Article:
Is there any way to emulate Linear Types in OCaml yet? Specifically I’m wanting to be able to generate an opaque type in a module and allow the user to only ever store one copy of it at a time, and if it is ever stored anywhere else or passed to a function then where-ever it was stored in before is no longer useable. I know the tricks of behaviour types and so forth, but these do not prevent the user from holding copies of it and reusing a prior ‘state’ of the variable. And of course I can always test at run-time, but that does nothing to prevent compilation on code that is invalid. In addition if it is not finally consumed somewhere (so I can close a resource) then there is no compile error either.
I guess if I wanted a syntax in OCaml then it would be something like:
type inner = Inner of int type t = inner Linear.t let make () = Linear.make 42 let get (Inner l) = let v = Linear.extract l in v, Linear.make (v + 1) let inc i = let _, ni = get i in ni let close (Inner i) = let _ = Linear.extract i in ()
inner type is opaque outside this module, it is not allowed to be stored in anything that is copyable and if stored in something like a variant or a record then that variant/record becomes uncopyable as well, cannot be stored globally, if it drops out of scope (instead of being passed to some consuming function) then it should fail compilation as well, etc…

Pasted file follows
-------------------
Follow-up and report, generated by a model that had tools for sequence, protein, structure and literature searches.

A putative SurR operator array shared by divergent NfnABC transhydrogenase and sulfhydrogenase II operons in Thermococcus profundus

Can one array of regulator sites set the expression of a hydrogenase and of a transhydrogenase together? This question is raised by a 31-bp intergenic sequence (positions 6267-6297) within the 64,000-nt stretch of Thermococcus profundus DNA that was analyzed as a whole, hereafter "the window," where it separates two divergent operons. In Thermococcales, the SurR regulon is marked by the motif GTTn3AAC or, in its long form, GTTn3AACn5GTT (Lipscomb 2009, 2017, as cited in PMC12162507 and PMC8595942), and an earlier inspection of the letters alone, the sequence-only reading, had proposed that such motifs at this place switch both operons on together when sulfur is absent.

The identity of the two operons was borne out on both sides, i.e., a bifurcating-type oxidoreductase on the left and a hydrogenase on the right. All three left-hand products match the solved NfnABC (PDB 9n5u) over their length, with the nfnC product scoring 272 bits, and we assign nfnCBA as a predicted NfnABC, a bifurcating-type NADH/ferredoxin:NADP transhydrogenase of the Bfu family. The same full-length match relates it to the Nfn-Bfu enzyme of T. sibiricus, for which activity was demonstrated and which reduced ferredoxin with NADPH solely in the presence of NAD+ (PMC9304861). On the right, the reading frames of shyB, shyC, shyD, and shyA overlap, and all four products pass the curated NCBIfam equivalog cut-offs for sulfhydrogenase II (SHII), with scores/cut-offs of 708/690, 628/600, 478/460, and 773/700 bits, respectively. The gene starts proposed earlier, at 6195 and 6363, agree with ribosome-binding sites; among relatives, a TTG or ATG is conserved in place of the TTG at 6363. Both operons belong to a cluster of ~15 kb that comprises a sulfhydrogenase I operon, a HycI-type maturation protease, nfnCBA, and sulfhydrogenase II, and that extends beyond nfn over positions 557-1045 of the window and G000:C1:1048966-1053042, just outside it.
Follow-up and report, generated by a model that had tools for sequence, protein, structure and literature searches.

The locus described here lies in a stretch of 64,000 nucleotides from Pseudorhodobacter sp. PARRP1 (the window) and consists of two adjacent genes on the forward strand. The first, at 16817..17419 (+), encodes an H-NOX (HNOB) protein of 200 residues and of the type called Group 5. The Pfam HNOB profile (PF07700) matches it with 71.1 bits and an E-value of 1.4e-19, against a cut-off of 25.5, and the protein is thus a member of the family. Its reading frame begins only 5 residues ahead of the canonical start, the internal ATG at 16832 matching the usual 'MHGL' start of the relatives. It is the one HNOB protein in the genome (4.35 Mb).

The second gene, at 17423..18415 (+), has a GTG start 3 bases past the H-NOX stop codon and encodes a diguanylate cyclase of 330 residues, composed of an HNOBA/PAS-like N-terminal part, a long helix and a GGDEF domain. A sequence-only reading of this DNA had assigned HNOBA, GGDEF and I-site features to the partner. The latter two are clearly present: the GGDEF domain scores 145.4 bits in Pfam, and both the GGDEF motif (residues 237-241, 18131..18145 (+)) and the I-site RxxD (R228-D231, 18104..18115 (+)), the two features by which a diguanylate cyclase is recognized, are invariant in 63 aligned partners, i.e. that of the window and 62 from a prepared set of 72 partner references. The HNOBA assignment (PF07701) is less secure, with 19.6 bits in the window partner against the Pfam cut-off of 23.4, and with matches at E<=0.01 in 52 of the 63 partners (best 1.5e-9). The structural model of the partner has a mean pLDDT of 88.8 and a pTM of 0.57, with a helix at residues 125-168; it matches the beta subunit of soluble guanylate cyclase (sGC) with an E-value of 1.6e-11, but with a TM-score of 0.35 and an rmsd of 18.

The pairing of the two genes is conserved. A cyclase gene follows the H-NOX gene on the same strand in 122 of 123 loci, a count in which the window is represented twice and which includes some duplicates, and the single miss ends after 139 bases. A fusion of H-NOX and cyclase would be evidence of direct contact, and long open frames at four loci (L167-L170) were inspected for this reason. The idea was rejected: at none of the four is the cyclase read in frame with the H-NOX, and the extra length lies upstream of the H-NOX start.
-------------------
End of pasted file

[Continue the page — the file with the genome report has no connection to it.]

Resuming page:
I’m guessing a ppx could be made to handle this, but I’ve been as yet unable to find one. Or better yet, is this on the roadmap to be added to the compiler at some point (at which point a full lifetime type would be useful as well, where something can be returned that has to be consumed ‘before’ something else is used on again as well, though that seems like adding lifetime bindings through the signatures would be painful)?